Which came first? A pivotal position in the plant tree of life
The question of which extant angiosperm (flowering plant) lineage “came first” (i.e., is basal in the flowering plant tree of life) has long puzzled biologists. This question is fascinating and important in its own right, but the answer also has potentially profound ramifications including plant gene and genome evolution (which, for example, has implications for crop improvement). Such information is also important for understanding habit and habitat evolution and for the inference of ancestral character states in the angiosperms (e.g., the ancestral flower as well as the ancestral angiosperm genome). Although great 20th century plant taxonomists such as Arthur Cronquist, Armen Takhtajan, and Robert Thorne generally agreed that taxa from the subclass Magnoliidae comprised the “basal” angiosperm lineage, there was no way to “prove”, one way or another, which extant angiosperm lineage came first until the advent of molecular systematics towards the end of the 20th century.
With the aid of modern molecular phylogenetic techniques it is now known that the major groups they recognized, such as Magnoliidae sensu Cronquist and Takhtajan, are typically polyphyletic. Most research now indicates instead that Amborellaceae, Nymphaeales (water lilies), and Austrobaileyales are the earliest branching extant angiosperm lineages. However, the relative branching order of these three lineages, particularly in regards to Amborella trichopoda (the sole species within Amborellaceae) and Nymphaeales, was, until recently, somewhat contentious.
While most molecular analyses during the past 20 years have recovered Amborella as the earliest-diverging angiosperm lineage, some studies have suggested a clade comprising Amborella + Nymphaeales, or even Nymphaeales alone, as the root of all angiosperms. Recently, at the University of Florida, Soltis lab postdoc Bryan Drew and colleagues (including AVATOL team member Stephen Smith at the University of Michigan) endeavored to definitively answer the longstanding question of which angiosperm came first—that is, what living angiosperm is sister to all other living angiosperms in the angiosperm tree of life. Using a plastid data set consisting of 236 taxa, 78 genes, and ~58,000 nucleotides, Drew et al. performed a myriad of analyses with the express purpose of discerning the first-diverging angiosperm lineage; this study by Drew et al. was just accepted by Systematic Biology and will be viewable online in the coming months. Their results: Virtually every analysis conducted found Amborella as the earliest-diverging living angiosperm lineage with high internal support, and every plastid analysis performed using their original datasets recovered a topology in which Amborella alone is sister to all other living angiosperms.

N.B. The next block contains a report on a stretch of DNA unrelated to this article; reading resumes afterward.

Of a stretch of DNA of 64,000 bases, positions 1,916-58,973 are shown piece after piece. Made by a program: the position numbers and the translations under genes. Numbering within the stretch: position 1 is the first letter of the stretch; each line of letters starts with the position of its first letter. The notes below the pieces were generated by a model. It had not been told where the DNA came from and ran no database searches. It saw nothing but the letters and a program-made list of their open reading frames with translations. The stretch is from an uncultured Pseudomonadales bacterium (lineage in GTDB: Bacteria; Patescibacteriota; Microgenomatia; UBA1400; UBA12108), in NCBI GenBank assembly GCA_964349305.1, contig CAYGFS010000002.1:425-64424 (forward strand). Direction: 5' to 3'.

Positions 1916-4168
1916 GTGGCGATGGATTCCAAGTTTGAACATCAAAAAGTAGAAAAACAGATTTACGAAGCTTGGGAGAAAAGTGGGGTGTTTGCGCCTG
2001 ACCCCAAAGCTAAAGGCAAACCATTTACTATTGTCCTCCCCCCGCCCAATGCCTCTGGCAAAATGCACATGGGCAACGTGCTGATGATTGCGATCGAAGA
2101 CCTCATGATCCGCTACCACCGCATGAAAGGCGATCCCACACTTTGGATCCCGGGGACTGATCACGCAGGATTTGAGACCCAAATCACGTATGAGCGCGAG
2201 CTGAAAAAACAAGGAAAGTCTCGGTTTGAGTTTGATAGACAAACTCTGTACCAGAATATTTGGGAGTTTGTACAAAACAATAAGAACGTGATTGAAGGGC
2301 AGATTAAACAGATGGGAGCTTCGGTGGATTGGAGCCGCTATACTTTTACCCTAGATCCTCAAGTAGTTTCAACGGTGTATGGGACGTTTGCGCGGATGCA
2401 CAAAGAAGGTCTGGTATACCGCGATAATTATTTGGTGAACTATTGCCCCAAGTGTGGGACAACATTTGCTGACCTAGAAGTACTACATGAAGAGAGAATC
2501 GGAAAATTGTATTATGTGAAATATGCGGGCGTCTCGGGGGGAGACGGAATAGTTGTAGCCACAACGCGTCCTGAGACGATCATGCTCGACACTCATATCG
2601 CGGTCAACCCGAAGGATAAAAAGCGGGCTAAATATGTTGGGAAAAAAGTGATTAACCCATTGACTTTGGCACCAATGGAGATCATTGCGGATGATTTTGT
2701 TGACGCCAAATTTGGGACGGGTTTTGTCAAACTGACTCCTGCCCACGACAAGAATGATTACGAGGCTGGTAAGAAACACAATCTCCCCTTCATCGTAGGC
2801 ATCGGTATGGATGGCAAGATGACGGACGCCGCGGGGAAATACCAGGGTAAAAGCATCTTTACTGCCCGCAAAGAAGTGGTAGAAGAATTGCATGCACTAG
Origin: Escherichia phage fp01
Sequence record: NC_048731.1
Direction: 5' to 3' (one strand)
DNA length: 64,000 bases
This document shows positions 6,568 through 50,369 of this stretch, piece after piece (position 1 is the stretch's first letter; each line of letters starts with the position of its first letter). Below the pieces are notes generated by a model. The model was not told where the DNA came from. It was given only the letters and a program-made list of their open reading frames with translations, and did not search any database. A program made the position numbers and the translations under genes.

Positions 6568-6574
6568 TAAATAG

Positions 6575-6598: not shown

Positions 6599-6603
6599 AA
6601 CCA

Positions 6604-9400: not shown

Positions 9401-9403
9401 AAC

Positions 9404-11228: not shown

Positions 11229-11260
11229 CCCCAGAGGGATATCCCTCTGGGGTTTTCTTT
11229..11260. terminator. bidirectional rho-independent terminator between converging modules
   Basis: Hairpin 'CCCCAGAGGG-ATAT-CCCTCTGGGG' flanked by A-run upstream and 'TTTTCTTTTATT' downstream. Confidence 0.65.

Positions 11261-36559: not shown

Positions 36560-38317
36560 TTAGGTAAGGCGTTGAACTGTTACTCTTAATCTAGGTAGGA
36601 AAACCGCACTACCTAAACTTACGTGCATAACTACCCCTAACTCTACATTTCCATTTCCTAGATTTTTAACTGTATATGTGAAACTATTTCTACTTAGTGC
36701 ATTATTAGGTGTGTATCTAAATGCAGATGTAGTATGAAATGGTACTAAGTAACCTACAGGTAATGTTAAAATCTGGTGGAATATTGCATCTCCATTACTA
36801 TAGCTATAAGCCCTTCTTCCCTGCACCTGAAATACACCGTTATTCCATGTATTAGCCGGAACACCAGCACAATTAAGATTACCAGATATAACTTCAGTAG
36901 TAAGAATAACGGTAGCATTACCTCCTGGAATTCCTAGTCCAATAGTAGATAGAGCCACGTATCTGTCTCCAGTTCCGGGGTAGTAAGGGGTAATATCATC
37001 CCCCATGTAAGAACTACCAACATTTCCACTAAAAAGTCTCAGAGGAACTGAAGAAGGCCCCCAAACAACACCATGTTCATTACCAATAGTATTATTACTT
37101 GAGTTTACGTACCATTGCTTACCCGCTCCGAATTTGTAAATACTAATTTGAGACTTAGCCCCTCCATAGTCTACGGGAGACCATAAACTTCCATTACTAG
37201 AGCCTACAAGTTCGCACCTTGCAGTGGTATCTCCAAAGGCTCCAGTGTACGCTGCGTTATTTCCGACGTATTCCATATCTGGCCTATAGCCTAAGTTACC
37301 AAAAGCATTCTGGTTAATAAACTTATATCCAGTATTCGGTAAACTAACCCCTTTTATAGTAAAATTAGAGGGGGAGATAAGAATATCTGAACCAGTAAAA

These findings lend strong affirmation to the Amborella sister hypothesis, and should help guide future research regarding angiosperm character (including genomic features) and habitat evolution. Although the “first” angiosperms are long extinct, a better understanding of Amborella will aid in our understanding of angiosperm evolution as a whole. This was the impetus behind the Amborella Genome Project. As a result of this ongoing project, the Amborella nuclear genome has recently been fully sequenced (www.amborella.org; Amborella Genome Project, Science, in press), and this major achievement should lead to unprecedented insights within flowering plants.
Doug Soltis is a distinguished professor at the University of Florida.
Bryan Drew is a post-doctoral researcher in the Soltis lab at the University of Florida.